November 25, 2006

Movie Review: Deck the Halls

This is the kind of movie that makes you loathe the holiday movie season. It is a movie that is devoid of heart and soul, it grinds the holiday season down to a competition of lights. It presents a story in a town of some alternate universe, probably also inhabited by the Kranks of Christmas with the Kranks, populated with paper thin characters and the superficial cliches of the season.

Watching the movie, I could not help but be reminded of the real Christmas light show video that circulated the internet last fall. In it a man in Ohio used an extraordinary number of lights in combination with 16 light controllers and some special software to conduct a light show setting his house lights to "Wizards in Winter" by Trans-Siberian Orchestra. It was an amazing achievement, and it would not surprise me if it proved to be responsible, at least in part, for the genesis of this project. I can almost see it now, some executives sitting in a boardroom around a laptop playing the video. One of them says: "Hey! Let's make a movie about these lights." Another one seconds the idea, "Yes, we can have a Christmas competition between a pair of neighbors who don't really like each other and eventually become friends." The clincher comes when a third chimes in "Brilliant, we can get a couple of recognizable actors and have it ready in a month!"

Deck the Halls features Matthew Broderick as Steve Finch, successful eye doctor, and Mr. Christmas for his town. Each year everyone turns to him for their decoration suggestions, and he plans out his family's time so they can fit in all of the holiday activities, from hanging a wreath to caroling. His world starts to implode when Danny DeVito's Buddy Hall moves in across the street. Buddy is a guy always looking for the next thing to occupy his short attention span. His focus turns to Christmas lights, he becomes infatuated with making his house visible from space.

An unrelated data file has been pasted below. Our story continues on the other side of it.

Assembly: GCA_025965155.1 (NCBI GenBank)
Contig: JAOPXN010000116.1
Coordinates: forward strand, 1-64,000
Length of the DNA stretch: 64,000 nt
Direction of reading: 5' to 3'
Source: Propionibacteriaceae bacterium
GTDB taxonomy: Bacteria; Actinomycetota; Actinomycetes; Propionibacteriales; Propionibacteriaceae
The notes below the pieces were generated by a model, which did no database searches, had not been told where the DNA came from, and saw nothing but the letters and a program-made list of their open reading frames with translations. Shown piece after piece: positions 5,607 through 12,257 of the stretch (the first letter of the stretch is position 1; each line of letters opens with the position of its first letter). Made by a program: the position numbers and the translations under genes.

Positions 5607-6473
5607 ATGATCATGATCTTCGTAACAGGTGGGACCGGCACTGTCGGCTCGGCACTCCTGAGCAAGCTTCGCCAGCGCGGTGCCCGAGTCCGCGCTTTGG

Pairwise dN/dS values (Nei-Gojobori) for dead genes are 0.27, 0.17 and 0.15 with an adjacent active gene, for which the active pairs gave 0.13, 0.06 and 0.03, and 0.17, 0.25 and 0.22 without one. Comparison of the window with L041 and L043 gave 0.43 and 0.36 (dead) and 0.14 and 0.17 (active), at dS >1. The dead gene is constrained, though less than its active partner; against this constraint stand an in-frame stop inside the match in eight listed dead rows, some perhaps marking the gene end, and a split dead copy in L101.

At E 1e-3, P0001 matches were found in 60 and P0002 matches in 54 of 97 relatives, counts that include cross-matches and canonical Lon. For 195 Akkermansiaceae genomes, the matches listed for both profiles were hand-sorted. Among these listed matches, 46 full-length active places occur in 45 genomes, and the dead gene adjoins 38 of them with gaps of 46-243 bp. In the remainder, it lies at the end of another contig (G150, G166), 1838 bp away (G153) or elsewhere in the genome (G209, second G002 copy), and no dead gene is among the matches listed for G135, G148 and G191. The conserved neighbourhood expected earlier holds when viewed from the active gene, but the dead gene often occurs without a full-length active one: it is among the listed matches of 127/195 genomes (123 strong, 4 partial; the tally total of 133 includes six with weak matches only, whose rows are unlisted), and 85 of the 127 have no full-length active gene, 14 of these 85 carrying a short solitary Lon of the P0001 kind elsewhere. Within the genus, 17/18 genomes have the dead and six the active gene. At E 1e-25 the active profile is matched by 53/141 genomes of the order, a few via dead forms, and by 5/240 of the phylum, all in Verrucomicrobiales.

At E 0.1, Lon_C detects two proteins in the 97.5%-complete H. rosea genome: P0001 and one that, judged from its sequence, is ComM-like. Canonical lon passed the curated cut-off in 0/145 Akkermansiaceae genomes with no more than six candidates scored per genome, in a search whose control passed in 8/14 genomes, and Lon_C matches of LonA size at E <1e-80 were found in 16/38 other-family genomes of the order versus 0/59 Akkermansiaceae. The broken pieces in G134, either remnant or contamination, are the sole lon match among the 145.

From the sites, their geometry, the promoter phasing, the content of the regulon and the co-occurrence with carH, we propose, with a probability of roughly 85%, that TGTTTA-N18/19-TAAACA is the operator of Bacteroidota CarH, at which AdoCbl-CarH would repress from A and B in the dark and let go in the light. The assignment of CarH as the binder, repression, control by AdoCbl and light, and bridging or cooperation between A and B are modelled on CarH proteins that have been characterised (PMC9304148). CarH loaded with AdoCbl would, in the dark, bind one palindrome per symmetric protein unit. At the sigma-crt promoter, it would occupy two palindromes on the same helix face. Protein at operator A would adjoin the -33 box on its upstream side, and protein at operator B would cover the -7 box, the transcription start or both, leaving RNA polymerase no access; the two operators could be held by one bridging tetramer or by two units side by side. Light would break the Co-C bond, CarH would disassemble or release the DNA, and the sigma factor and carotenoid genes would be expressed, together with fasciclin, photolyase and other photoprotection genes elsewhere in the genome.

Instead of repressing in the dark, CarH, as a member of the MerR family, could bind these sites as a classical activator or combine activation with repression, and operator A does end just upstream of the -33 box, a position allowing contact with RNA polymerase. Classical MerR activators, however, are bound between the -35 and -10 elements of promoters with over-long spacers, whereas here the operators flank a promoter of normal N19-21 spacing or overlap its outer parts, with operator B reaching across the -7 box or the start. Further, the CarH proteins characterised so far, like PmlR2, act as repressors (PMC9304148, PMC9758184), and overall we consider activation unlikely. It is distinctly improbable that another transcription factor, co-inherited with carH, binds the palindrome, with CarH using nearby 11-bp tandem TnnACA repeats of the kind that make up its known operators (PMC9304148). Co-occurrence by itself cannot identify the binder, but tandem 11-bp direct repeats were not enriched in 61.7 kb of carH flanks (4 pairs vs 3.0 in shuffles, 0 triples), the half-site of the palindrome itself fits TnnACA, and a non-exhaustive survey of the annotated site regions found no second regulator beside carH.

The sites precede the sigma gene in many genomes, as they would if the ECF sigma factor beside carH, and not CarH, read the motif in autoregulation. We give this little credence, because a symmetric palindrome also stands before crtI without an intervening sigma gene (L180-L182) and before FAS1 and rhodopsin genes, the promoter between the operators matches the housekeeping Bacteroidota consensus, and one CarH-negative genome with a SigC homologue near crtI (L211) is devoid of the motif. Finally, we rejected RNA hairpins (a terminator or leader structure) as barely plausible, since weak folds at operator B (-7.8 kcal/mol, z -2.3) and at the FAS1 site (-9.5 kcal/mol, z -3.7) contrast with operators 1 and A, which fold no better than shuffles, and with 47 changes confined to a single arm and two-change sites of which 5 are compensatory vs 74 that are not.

Buddy's efforts to light his house has another affect, he usurps Steve's Christmas mantle. This change in the town's dynamic pushes Steve to the brink. The two warring neighbors wage battle in ever escalating pranks which threaten to tear their families apart. Of course, since this is a cheery family movie, the two kiss and make up before the final credits roll, in an attempt to give you that uplifting feeling of the season.

It is just a shame that for as talented as members of the cast are, they are unable to bring any real life or reason to care into the mix. The characters are flat and not interesting in the least. No reasons are given to care about these people, where they are and what they are doing. The movie doesn't have depth or heart, it is more interested in how many lame gags they can throw at the screen, serving them up the snowballs and pelting the audience with them.

I do have to admit there was one moment that elicited a chuckle from me. That was the segment with the "Santa Babies" that was seen in one of the trailers. Steve and Buddy are whistling at some suggestively dressed Santa helpers on stage. As Steve shouts "Who's your Daddy?" They turn around to be revealed as Steve and Buddy's daughters. In horror, Steve exclaims "I'm the Daddy!" I am sorry to have spoiled that for you, but think of it as being saved the experience. Now you can focus on more worthwhile Christmas films.

Bottomline. I really should have known better. Deck the Halls does nothing to spread seasonal cheer, it does not embody the spirit of the holiday. It is a movie that sucks the life out and makes a weak attempt to stop the hemmoraghing at the end with a half hearted climax which brings everyone together. You'd be better of seeing the amazingly mediocre Santa Clause 3: The Escape Clause, than this mess.

Not Recommended.


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